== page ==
Screening and treatment of trauma-related symptoms in youth with autism spectrum disorder among community providers in the United States

the Usual Care for Autism Study (UCAS) Consortium

Research output: Contribution to journalArticle

1 Citation (Scopus)

Abstract

Using a cross-sectional survey of 673 multidisciplinary autism spectrum disorder providers recruited from five different sites in the United States, we examined the frequency with which community-based providers inquire about, screen, and treat trauma-related symptoms in their patients/students and assessed their perceptions regarding the need for and barriers to providing these services. Univariate and bivariate frequencies of self-reported trauma service provision, training needs, and barriers were estimated. Multivariable logistic regressions identified provider and patient-related factors associated with trauma-related symptoms screening and treatment. Over 50% of providers reported some screening and treatment of trauma-related symptoms in youth with autism spectrum disorder. Over 70% informally inquired about trauma-related symptoms; only 10% universally screened. Screening and treatment varied by provider discipline, setting, amount of interaction, and years of experience with autism spectrum disorder, as well as by patient/student sex, ethnicity, and socioeconomic status. Most providers agreed that trauma screening is a needed service impeded by inadequate provider training in trauma identification and treatment. The findings indicate that community providers in the United States of varied disciplines are assessing and treating trauma-related symptoms in youth with autism spectrum disorder, and that evidence-based approaches are needed to inform and maximize these efforts.

Original languageEnglish (US)
JournalAutism
DOIs
StateAccepted/In press - Jan 1 2019

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Wounds and Injuries
Therapeutics
Students
Autism Spectrum Disorder
Social Class
Cross-Sectional Studies
Logistic Models

All Science Journal Classification (ASJC) codes

  • Developmental and Educational Psychology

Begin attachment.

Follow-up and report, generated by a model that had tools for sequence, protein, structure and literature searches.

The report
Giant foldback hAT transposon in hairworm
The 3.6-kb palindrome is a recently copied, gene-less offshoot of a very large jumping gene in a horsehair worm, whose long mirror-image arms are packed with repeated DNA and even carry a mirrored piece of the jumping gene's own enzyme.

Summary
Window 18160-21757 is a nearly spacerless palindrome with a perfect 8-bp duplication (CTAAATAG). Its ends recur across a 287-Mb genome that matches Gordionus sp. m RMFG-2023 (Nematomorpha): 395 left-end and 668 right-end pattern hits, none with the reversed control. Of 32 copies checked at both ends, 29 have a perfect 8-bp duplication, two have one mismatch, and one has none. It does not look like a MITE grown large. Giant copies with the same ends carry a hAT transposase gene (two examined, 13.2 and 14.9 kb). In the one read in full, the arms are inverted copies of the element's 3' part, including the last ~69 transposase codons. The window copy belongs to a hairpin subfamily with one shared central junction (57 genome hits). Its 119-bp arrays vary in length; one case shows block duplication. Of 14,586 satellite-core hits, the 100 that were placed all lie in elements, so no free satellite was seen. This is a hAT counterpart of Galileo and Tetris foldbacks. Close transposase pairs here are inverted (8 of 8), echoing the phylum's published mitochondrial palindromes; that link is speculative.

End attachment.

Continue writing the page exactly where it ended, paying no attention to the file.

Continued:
Cite this

@article{385402ecf38a449d84319b39c13f237d,
title = "Screening and treatment of trauma-related symptoms in youth with autism spectrum disorder among community providers in the United States",
abstract = "Using a cross-sectional survey of 673 multidisciplinary autism spectrum disorder providers recruited from five different sites in the United States, we examined the frequency with which community-based providers inquire about, screen, and treat trauma-related symptoms in their patients/students and assessed their perceptions regarding the need for and barriers to providing these services. Univariate and bivariate frequencies of self-reported trauma service provision, training needs, and barriers were estimated. Multivariable logistic regressions identified provider and patient-related factors associated with trauma-related symptoms screening and treatment. Over 50{\%} of providers reported some screening and treatment of trauma-related symptoms in youth with autism spectrum disorder. Over 70{\%} informally inquired about trauma-related symptoms; only 10{\%} universally screened. Screening and treatment varied by provider discipline, setting, amount of interaction, and years of experience with autism spectrum disorder, as well as by patient/student sex, ethnicity, and socioeconomic status. Most providers agreed that trauma screening is a needed service impeded by inadequate provider training in trauma identification and treatment. The findings indicate that community providers in the United States of varied disciplines are assessing and treating trauma-related symptoms in youth with autism spectrum disorder, and that evidence-based approaches are needed to inform and maximize these efforts.",
author = "{the Usual Care for Autism Study (UCAS) Consortium} and Kerns, {Connor M.} and Berkowitz, {Steven J.} and Moskowitz, {Lauren J.} and Amy Drahota and Lerner, {Matthew D.} and Craig Newschaffer",
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doi = "10.1177/1362361319847908",
language = "English (US)",
journal = "Autism",
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Screening and treatment of trauma-related symptoms in youth with autism spectrum disorder among community providers in the United States. / the Usual Care for Autism Study (UCAS) Consortium.

In: Autism, 01.01.2019.

Research output: Contribution to journalArticle

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